Major League Baseball commissioner Rob Manfred said the sport’s drug testing program is improving, and more refined science might be what’s behind the larger number of positive performance-enhancing drug tests — a trend which has already led to the suspension of seven Major League players in this young season.
“The window of detection on certain substances have been lengthened,” Manfred said at the conclusion of the owners meetings at the league offices in midtown on Thursday. “It’s just science getting better. That may be one explanation for what we’re seeing ... There’s not some big additional group of positives sitting out there, I can tell you that.”
The most significant suspension this season has been Marlins second baseman and reigning National League batting champion Dee Gordon, who was suspended for 80 games last month. Gordon has insisted he took a banned substance by accident. The number of suspensions is up from five players all of last season (Former Mets reliever Jenrry Mejia was suspended twice last year, and a third time in February).
“You never want a player to test positive, right?” Manfred said. “On the other hand, we do know that performance-enhancing drugs are a constant temptation and when you catch somebody, I think it’s a validation of the fact the program is working.”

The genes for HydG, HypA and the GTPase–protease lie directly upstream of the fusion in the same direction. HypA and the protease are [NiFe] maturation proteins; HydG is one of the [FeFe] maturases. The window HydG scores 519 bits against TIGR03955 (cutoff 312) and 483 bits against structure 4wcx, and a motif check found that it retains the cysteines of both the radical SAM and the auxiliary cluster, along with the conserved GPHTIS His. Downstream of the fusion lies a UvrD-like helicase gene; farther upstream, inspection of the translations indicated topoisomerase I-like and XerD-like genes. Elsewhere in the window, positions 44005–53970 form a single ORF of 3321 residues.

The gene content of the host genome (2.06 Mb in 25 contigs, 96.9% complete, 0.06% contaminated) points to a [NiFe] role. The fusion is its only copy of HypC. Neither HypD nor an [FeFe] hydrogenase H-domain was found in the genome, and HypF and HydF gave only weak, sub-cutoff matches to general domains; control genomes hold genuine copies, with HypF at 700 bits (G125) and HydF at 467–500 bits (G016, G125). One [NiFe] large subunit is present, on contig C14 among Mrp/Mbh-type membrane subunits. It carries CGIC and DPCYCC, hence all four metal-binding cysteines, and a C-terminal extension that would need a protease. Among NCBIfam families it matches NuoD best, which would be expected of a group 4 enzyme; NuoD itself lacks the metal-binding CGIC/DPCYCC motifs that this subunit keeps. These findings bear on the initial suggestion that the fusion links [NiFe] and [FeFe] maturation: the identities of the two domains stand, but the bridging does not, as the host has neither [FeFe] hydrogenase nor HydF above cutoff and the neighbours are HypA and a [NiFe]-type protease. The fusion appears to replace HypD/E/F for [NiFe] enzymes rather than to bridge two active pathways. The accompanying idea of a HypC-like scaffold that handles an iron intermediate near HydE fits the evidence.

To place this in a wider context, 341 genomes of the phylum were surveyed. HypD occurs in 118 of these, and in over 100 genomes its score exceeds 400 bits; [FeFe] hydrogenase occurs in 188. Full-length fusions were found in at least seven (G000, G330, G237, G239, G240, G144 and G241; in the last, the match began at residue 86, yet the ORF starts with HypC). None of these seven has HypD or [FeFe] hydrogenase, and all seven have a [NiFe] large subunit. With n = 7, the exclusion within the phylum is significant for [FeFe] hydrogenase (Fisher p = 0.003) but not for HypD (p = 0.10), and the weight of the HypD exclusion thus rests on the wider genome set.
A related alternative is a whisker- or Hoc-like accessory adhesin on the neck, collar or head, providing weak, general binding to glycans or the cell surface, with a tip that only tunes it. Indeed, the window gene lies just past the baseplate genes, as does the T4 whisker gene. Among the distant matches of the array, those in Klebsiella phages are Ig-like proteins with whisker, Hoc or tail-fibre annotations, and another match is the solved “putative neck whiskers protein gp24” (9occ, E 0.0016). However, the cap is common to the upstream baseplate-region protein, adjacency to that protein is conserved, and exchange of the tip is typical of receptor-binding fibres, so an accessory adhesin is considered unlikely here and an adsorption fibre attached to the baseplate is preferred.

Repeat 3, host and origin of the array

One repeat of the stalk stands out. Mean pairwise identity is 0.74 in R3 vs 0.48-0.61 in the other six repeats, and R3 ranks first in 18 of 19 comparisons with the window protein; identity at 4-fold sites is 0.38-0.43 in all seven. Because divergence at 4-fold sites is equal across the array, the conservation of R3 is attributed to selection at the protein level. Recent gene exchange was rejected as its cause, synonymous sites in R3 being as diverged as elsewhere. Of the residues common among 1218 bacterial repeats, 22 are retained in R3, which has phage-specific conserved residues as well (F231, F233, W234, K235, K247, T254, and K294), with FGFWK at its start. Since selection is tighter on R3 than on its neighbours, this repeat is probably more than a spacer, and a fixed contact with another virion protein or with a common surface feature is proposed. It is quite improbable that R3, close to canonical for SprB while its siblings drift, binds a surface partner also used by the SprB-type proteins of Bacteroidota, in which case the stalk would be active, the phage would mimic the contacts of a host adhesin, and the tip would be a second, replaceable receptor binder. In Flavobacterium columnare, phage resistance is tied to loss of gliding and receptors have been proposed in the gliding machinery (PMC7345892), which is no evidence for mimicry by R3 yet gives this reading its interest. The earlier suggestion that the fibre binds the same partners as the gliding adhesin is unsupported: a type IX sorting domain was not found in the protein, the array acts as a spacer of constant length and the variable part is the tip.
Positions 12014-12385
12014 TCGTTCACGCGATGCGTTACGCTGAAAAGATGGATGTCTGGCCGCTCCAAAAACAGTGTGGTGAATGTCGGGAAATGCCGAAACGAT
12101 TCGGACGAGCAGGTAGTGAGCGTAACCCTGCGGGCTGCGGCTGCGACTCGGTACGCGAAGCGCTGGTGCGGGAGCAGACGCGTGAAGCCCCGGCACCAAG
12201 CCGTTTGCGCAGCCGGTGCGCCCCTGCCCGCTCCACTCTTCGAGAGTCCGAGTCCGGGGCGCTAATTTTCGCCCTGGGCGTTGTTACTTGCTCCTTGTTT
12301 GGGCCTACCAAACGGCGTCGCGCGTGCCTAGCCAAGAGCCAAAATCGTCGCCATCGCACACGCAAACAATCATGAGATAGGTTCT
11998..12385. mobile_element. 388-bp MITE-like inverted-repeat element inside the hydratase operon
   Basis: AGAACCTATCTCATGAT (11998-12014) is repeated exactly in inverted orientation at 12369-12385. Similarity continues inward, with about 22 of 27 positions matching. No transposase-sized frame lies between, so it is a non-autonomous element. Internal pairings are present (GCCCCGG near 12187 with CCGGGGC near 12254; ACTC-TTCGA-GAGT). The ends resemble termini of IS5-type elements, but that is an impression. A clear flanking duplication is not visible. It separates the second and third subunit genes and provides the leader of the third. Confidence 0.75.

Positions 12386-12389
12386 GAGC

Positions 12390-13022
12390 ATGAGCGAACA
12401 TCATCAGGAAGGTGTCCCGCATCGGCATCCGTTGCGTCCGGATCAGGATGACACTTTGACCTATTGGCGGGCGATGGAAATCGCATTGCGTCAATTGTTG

Manfred discussed a range of issues, including the state of labor negotiations. “Everything is going great,” he said, adding that the sides have already had 12 meetings and have put many of their issues on the table.
He also spoke about the pace of games. Manfred last year instituted changes to speed up games, but lengths have seen an uptick this season. According to the Associated Press, the average time of games this season is 2 hours, 59 minutes and 54 seconds through Wednesday’s schedule, which is up from 2:53:19 during the early part of last season. Manfred said he hoped to combat that with continued communication with players and greater focus on speeding things up.
And while he did not go as far as to say that the sport has a diversity problem in its highest ranks, he did say baseball is trying to take concrete steps to address what fans might perceive to be a lack of minorities in managerial positions and otherwise. He added that managers are “a really difficult issue for us.” The Braves fired Fredi Gonzalez on Tuesday, leaving no Latino managers in baseball — a sport where nearly 30 percent of players on Opening Day rosters were Latin American, according to FOX Sports. Gonzalez’s firing also reduced the number of minority managers to two: Dusty Baker of the Nationals and the Dodgers’ Dave Roberts.
Manfred said that MLB has instituted a diversity “pipeline program,” announced in January, that hopes to grow and develop minority talent.
“There’s only 30 (managers), they turn over frequently — that’s the nature of the game — and it’s always going to be the nature of the game,” he said. “You’re going to have periods of time where these numbers ebb and flow. Remember, if you lose two diverse managers, you go from being four out of 30 to two out of 30.”